• Active in politics as a Member of the General Court in both the House and Senate, as a 3-time Mayor, and Alderman
  • Second President of the WCHS; stayed active as member, trustee and exhibitor throughout his life
  • A frequent exhibitor of livestock at the Worcester Co. Agricultural Society and a delegate to the State Agricultural Convention in 1851
  • He rejected his family's Unitarianism and became a Baptist.  His austere outlook was evident years later when, according to family lore, he chided his daughter for exhibiting the "Grecian Bend" in public.  The Grecian Bend was an exaggerated way of emphasizing one's hips and considered to be very flirtatious in its day
  • Particularly interested in the cultivation of fruit, in 1850 he and his wife took an extended trip to Bermuda. While there he ordered and had 6 fruit trees and 2 flowering shrubs shipped to Worcester
"Those who can recall his terraces...in fact his entire front lawn: studded as it were with immense plants of rare selection and careful culture...from which he could draw at will to ornament and magnify our Exhibitions." - 
Edward W. Lincoln, WCHS Transactions, 1883

Francis H. Dewey, 1821-1887
WCHS President 1867-1871; 1881-1887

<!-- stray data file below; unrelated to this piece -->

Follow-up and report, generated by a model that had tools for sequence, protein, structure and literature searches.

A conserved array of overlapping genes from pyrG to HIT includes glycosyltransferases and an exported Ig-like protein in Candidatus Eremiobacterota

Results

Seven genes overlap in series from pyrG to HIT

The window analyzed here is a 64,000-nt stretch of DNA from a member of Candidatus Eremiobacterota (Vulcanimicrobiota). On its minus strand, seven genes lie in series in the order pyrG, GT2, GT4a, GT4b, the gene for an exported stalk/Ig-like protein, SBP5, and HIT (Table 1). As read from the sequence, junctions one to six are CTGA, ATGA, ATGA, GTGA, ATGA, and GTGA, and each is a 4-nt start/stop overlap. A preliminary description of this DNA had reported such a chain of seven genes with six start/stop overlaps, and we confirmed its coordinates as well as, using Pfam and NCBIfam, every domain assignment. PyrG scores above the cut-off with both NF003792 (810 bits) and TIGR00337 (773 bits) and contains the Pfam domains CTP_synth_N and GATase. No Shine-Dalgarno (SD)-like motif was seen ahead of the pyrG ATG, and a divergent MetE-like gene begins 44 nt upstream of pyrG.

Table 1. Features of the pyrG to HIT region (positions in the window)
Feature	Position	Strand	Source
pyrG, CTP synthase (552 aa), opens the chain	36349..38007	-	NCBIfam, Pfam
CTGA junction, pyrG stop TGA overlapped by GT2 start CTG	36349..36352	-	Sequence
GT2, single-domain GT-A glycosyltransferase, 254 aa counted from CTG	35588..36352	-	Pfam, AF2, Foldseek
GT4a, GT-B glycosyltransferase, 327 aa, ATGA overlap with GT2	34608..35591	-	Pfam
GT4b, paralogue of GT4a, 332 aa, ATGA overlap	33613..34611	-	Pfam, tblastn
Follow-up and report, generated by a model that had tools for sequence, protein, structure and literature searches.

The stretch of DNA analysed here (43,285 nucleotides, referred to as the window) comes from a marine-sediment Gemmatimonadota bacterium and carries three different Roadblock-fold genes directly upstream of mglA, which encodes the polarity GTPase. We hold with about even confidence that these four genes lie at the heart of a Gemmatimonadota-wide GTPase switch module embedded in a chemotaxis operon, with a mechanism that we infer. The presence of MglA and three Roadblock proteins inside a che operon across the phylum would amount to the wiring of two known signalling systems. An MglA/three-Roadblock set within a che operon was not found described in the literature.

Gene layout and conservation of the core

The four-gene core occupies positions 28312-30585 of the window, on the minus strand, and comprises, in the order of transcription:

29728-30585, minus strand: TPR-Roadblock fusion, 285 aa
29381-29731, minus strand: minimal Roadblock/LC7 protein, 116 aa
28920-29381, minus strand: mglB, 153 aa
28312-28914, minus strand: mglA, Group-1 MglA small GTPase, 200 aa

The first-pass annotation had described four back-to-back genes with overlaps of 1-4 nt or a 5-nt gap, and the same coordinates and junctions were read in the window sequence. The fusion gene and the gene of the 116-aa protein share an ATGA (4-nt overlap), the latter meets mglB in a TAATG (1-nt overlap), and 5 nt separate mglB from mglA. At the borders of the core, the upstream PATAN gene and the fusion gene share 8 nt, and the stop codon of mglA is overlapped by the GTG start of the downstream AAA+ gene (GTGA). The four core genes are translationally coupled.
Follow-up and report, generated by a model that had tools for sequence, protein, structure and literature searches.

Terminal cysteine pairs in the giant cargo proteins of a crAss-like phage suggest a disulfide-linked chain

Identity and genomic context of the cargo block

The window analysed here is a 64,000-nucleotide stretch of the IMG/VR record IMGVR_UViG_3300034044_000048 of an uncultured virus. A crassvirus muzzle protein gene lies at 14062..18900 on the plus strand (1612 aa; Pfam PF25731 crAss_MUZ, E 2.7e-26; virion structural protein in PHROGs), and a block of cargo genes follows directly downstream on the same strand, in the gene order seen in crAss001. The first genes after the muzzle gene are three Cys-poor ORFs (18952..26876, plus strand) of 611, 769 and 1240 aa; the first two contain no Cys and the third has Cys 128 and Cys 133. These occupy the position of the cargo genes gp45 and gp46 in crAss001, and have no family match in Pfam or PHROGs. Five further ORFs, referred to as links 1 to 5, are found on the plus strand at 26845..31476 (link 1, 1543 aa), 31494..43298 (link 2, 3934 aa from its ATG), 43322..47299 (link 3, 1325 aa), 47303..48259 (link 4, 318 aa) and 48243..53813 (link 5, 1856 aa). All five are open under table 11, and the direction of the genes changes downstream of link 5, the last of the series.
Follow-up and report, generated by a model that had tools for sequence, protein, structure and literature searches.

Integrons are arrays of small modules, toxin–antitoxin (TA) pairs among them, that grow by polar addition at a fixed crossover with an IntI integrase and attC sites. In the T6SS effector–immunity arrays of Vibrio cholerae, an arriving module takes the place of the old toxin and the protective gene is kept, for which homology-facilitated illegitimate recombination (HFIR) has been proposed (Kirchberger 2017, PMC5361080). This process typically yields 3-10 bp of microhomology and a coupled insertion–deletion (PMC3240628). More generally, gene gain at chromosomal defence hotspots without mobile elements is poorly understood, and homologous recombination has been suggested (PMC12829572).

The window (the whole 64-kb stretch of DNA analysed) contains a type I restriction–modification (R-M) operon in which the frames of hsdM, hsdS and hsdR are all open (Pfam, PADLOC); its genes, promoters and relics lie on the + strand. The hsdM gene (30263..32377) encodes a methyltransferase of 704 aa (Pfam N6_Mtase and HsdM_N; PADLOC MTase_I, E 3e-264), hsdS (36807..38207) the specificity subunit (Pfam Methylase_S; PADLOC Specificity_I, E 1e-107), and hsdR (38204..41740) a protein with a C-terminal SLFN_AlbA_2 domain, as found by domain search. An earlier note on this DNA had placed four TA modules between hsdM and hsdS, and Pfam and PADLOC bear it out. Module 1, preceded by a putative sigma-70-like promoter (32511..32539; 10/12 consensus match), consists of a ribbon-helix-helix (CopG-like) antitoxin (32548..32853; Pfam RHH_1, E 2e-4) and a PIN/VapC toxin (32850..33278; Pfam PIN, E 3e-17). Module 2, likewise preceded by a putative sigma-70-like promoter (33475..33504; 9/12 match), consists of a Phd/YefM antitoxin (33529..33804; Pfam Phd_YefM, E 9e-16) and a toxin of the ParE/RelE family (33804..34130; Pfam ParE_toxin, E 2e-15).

• Born in Williamstown to Charles Augustus and Frances Aurelia (Henshaw) Dewey
  • Graduated from Williams College and continued a long family association with the school as Trustee
  • He had an early and abiding interested in Horticulture.  Many Letters from College exhort his parents to "water my plants once a week" or "when it comes cold to bend my mulberries down and sprinkle some dirt over them." One letter includes detailed description of the gardens at Williams
  • Married twice, first to Fannie Amelia Clarke and later to Sarah Bates Tufts; they had 7 children
  • Active in the WCHS as member, frequent exhibitor, and twice president
  • He loved children and flowers; "for years he had long rows of fuchsias as tall as one's head on his piazza"
  • Practiced law, was Member of the General Court and Justice of the Superior Court; also involved in politics.  As State Senator introduced legislation in 1856 that made December 25th, February 22, and July 4th, legal holidays in Massachusetts. "It is no accident that Christmas got legalized in the 1850s at a point when Massachusetts was the most industrialized state in the country.  The more industrialized a state was, the more you needed legislation to take at least a day off."